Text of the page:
IF Review

With spring finally in full bloom here in the UK, it's time for a May half-term movie. This year's pre-summer hit is IF (Directed by John Krasinski). I'll admit they first time I heard the title of this film, I initially concluded it was a horror film, but IF actually stands for Imaginary Friend and it is certainly not a horror film - what a relief! Thanks to Paramount Pictures UK I attended a preview screening of IF over the weekend and cannot wait to share my review with you all. IF is a must watch at the cinema this spring, read on to see why in this spoiler free review. Check out my Disney Summer Watchlist HERE The narrative revolves around young teen girl Bea (Cailey Fleming), who is going through a pretty turbulent time when she suddenly crossing paths with an imaginary friend named Blossom (Voiced by Phoebe Waller-Bridge). Seeing Blossom leads to Bea meeting Cal (Ryan Reynolds) a man that lives in Bea's Grandmothers (Fiona Shaw) building, who is trying to re-home

Peter Rabbit 2: The Runaway

It sure does feel good to be back at the cinema! Last night I finally returned to the cinema for the first time since March 2020! I honestly would have gone to see anything, desperate to be back experiencing movies in their rightful place on the big screen. But luckily Sony lined up the perfect new release for opening day: Peter Rabbit 2: The Runaway. I loved the first film which released in 2018, so was expecting big things from the sequel. Due to that fact that trailers for this film were released quite a while ago, I had actually forgotten what the premise was, or even what characters where returning, so it was like I would walking into the cinema blind. So, is Peter Rabbit 2: The Runaway worth heading back to the cinema for? Read on for my full review, warning there will be minor spoilers. 
Check out my list of most anticipated 2021 movies by CLICKING HERE!

Peter Rabbit 2: The Runaway picks up a while after the first film. Bea (Rose Byrne) having turned her paintings of the rabbits into a storybook, is now running the toy shop with Thomas (Domhnall Gleeson). Within the opening minutes of the film Bea and Thomas get married, now having formed a makeshift family with the rabbits: Peter (James Corden), Flopsy (Margot Robbie), Mopsy (Elizabeth Debicki), Cottontail (Amiee Horne replaces Daisy Ridley) and Benjamin (Colin Moody). While Bea's book gains the attention of publisher Nigel (David Oyelowo), Peter is stuck. Unable to shake his mischievous reputation, despite his attempts to do good. After being called the bad seed by both Nigel and Thomas, Peter runs away. Surrounded by thoughts of what type of bunny he should be Peter stumbles across a crook that manipulates him whilst he is at his lowest. Through a series of events that see Peter lose his family, both human and animal, Peter must choose who he really is with the help of Thomas. In parts the narrative is pretty fun, in others in becomes a little unpolished and very predictable. Something sequels can struggle with is a linear, well executed narrative and Peter Rabbit 2: The Runaway certainly stumbles at points but remains as fun as the first film. 
What made the first film so great was its laughs, and Peter Rabbit 2: The Runaway will not disappoint, it has laughs in abundance. From a fox that has turned to a plant-based lifestyle, to Flopsy renaming herself Lavatory. Domhnall Gleeson provides more than his share of laughs throughout, from uncontrollably rolling down a hill, to chasing after his broken-down car. I dare you to watch this film and not laugh, I was actually surprised how many times I laughed during the screening. The film also has equally terrifying moments, such as a pig being taken to a butchers and a deer being sized up to go on a wall - but don't worry both are rescued. There are also some stand out touching moments, such as the bonds between Thomas and Peter, and Bea and all the rabbits. We delve into Thomas' past which is sweet and something he and Peter bond over having lived similar experiences. For all its laugher, this film is also surprisingly touching.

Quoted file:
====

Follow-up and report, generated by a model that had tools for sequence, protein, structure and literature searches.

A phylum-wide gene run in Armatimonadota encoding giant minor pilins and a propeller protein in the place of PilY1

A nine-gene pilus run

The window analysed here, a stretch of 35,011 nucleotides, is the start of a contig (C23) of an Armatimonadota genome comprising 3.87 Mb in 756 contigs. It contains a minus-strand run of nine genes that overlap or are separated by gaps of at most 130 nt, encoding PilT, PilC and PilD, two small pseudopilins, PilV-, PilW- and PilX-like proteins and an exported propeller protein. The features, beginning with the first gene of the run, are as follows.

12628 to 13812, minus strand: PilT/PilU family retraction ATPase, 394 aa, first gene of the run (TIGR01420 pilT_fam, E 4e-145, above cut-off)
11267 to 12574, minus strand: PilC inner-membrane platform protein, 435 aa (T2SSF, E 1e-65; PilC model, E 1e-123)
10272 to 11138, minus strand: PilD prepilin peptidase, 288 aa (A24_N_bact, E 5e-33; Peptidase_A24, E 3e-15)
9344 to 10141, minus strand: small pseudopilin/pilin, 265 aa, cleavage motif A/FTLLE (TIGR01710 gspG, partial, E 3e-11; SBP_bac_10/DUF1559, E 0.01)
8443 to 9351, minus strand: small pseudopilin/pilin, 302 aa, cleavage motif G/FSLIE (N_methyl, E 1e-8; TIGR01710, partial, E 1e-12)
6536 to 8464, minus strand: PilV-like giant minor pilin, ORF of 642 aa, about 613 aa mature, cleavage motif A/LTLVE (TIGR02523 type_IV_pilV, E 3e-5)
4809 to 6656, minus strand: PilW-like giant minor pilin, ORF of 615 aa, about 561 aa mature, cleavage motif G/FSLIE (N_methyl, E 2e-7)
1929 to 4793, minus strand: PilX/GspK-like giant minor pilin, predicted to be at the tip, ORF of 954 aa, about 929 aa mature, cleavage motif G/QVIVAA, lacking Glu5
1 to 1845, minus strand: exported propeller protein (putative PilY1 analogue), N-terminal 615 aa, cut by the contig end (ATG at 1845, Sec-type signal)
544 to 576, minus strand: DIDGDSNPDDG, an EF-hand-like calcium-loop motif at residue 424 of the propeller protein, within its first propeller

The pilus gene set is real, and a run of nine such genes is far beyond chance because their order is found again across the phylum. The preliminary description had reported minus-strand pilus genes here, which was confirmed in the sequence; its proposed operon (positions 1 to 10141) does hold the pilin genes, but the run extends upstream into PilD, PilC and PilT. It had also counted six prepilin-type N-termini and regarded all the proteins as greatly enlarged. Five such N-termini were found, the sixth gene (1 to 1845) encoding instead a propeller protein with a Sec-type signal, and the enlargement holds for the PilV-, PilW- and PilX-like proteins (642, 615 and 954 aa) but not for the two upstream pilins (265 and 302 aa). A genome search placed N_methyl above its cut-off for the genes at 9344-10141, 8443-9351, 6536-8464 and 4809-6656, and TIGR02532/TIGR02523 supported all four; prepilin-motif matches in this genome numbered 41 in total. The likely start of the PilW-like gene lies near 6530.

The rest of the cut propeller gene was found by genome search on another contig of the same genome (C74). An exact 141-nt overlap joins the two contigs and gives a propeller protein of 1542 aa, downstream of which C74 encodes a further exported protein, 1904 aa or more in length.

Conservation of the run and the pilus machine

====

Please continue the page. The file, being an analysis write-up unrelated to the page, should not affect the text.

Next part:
However, past the great laughs and touching moments are a few glaring issues. The first is the storyline regarding a teenage girl, it's made very clear that this girl cannot be distracted by anything - literally a squirrel bites and nothing - except a teenage boy. This felt so outdated and a little stereotypical. Moreover, when Thomas goes to talk to Nigel about Bea without her knowledge, when they later argue about it, Bea never brings up the fact that she can handle her own best interests. Also, the rule of three, where something is done three times for ultimate laugher or dramatic effect is over used. The first few times it works. But after that it gets kind of boring. Also, here in the UK we don't find animals in the street and put them straight into pet shops, we also don't still have general use fancy trains. Whilst I get the fancy train thing is part of the whole cute, quintessential Britain image it is a little outdated. Also, it's a film set in the UK with mainly British character yet a joke about a torch is used - where they call it a flash light then Peter says 'for our UK viewers Torch'. It's just annoying. 
Overall, Peter Rabbit 2: The Runaway on the surface is a pretty funny film with some awesome CGI bunnies. But it lacks the rawness of the first film, and overuses outdated stereotypes and filmmaking techniques. Nonetheless, it is still an enjoyable watch, that children and adults alike will enjoy. The changes of location where certainly refreshing, and the voice cast and physical actors all bring such a charm to their roles that I would probably re-watch this film. The film also teased a possible third film, which would be great, because I would so love to see what is next for this group of bunnies. 

Let me know what you thought of Peter Rabbit in the comments below. 

Thank you for reading xx